Shows how the United States has become a national security state


The Four Freedoms Under Siege

The Clear and Present Danger from Our National Security State

358 pages; 6" x 9"

$24.95   $19.96
Available: February 2009
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FDR’s Four Freedoms—Freedom of Speech, Freedom to Worship, Freedom from Want, and Freedom from Fear—were presented to the American people in his 1941 State of the Union address, and they became the inspiration for a second bill of rights, extending the New Deal and guaranteeing work, housing, medical care, and education. Although the bill never was adopted in a legal sense in this country, its principles pervaded the political landscape for an entire generation, including the War on Poverty and the Great Society reforms of the 1960s. Furthermore, the ideas expressed in the Four Freedoms speech inspired the Universal Declaration of Human Rights. But since the late 1970s and early 1980s, these freedoms have been under assault, from administrations of both parties, economic pressures, and finally, the alleged requirements of national security. After 9/11, this process accelerated even more rapidly.

The authors address the hard questions of individual freedom versus national security that are on the minds of Americans of all political stripes. They bring together the pivotal events, leaders, policies, and fateful decisions—often pathbreaking, more often ending in folly—that have subverted our constitutional government from its founding. “You reach the inescapable conclusion,” the authors write, “that the United States is a warrior nation, has been addicted to war from the start, and is able to sustain its warfare habit only by mugging American taxpayers, and believing in its mission as God’s chosen.” With a foreword by Barbara Ehrenreich, a journalist, activist, and the author of Nickel and Dimed: On (Not) Getting By in America.

About the Author(s)/Editor(s)

Marcus Raskin is the distinguished fellow and cofounder of the Institute for Policy Studies, the first think tank of its kind. He is also professor of policy studies at George Washington University, a member of the editorial board of the Nation, and author or editor of twenty books, including In Democracy’s Shadow (2005), edited with Carl Le Van, and Liberalism (2004).

Robert Spero, author of The Duping of the American Voter: Dishonesty & Deception in Presidential Television Advertising, served with the Agency for International Development during the Kennedy administration and the president’s domestic Peace Corps group. He is a journalist (Present Tense, the Progressive), consultant to international service organizations, and former advertising executive (Ogilvy & Mather).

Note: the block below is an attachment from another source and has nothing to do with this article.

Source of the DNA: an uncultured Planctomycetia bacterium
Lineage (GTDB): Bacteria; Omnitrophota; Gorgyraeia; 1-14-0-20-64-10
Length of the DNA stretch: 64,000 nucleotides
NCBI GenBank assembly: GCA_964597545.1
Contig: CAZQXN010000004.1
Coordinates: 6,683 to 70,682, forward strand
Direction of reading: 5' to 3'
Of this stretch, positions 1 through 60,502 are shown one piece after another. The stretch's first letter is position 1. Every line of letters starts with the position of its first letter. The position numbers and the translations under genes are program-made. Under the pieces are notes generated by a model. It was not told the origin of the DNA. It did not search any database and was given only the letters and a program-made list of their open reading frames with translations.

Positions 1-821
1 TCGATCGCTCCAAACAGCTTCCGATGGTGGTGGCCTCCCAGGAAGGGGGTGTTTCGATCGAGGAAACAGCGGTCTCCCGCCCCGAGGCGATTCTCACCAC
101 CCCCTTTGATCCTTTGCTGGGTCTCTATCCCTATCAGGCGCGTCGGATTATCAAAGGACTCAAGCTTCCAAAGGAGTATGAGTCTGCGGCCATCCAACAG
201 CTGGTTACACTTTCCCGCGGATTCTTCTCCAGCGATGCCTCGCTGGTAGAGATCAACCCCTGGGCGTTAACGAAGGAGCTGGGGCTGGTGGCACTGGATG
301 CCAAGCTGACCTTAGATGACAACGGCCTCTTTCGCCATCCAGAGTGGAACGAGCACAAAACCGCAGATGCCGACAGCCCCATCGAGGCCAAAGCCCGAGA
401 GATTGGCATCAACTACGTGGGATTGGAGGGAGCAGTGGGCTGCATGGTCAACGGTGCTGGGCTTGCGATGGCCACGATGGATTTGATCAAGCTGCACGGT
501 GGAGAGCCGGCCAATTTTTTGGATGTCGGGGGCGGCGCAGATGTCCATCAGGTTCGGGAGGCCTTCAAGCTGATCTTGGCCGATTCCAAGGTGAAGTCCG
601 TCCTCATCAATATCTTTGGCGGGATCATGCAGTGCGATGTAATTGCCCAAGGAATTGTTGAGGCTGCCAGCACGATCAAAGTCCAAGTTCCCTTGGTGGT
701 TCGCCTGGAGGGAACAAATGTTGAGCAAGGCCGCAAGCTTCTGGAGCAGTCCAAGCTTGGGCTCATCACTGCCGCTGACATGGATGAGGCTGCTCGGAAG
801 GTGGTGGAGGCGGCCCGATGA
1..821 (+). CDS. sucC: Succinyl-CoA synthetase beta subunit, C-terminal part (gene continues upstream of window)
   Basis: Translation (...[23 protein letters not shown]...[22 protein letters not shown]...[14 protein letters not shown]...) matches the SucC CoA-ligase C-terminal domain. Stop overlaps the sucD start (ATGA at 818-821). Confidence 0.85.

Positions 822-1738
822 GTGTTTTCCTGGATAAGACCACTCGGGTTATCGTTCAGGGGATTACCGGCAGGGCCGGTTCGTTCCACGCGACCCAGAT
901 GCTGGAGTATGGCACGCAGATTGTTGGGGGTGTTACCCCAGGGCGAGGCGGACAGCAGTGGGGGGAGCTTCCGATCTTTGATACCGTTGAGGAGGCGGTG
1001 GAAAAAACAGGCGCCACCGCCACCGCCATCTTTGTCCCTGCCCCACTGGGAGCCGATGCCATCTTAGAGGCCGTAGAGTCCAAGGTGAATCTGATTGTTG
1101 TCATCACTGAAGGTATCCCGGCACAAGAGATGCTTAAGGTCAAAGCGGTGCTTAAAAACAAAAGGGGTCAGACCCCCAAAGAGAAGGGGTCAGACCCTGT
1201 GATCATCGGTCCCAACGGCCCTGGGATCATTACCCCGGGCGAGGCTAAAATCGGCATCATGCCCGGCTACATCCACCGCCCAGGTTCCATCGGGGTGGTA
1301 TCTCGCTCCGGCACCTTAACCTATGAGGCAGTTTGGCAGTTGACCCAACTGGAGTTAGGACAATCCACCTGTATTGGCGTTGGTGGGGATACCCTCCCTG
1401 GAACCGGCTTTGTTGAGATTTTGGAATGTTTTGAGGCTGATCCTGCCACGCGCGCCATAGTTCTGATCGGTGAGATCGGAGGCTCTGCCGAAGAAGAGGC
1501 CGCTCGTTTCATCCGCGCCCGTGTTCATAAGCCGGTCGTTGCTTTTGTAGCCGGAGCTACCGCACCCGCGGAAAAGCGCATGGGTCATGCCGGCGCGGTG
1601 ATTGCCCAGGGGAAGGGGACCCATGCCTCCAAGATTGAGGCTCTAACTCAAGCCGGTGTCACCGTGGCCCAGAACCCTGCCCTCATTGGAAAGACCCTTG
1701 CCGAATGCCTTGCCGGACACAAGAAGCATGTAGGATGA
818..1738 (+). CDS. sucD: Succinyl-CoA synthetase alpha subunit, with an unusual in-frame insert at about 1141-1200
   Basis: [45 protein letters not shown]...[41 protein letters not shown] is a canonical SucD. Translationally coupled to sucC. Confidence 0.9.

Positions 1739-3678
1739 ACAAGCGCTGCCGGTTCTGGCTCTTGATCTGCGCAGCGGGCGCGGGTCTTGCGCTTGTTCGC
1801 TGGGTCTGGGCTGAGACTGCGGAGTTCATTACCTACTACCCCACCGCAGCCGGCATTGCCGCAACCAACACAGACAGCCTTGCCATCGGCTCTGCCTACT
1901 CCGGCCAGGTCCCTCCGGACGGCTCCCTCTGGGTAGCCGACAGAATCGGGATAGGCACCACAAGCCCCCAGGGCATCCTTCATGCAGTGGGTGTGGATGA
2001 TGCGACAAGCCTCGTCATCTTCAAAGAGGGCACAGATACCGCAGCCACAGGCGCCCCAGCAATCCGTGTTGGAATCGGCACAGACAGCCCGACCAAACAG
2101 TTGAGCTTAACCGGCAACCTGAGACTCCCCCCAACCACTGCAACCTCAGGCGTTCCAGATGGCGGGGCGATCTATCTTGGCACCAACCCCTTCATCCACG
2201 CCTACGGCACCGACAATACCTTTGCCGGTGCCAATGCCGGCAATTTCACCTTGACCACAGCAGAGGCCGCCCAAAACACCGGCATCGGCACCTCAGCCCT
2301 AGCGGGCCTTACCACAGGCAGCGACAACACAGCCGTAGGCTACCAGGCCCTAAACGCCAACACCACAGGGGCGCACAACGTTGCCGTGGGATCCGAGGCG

“Marcus Raskin has been warning us for decades about the perils and paranoia associated with the National Security State. Raskin as much as anyone in America anticipated the nightmare we are now living. In this new paperback edition of The Four Freedoms Under Siege, Raskin and his coauthor Robert Spero show why it is essential for Congress and the citizenry to force our Executive at long last—to come to terms with a national security policy mechanism that has ended up producing catastrophe domestically and internationally.”
Seymour M. Hersh, contributor to the New Yorker

“Raskin and Spero have written an important book about the corporate state's assault on Franklin Delano Roosevelt's proclamation of the Four Freedoms from his 1941 annual message to Congress. The analysis is compelling. And the need to champion the Four Freedoms—Freedom of Speech, Freedom to Worship, Freedom from Want, and Freedom from Fear—is overwhelming.”
Ralph Nader

“Provides a thorough and sobering account of how gravely certain leaders have betrayed the very rights that our fellow Americans first articulated. This accessible and compelling book belongs on the shelves of all who seek to think critically about liberty, justice, and our government. Fully restoring these fundamental and universal rights is of first priority, and Raskin and Spero have created an airtight case for the call.”
Congressman John Conyers, Jr. (D-MI)

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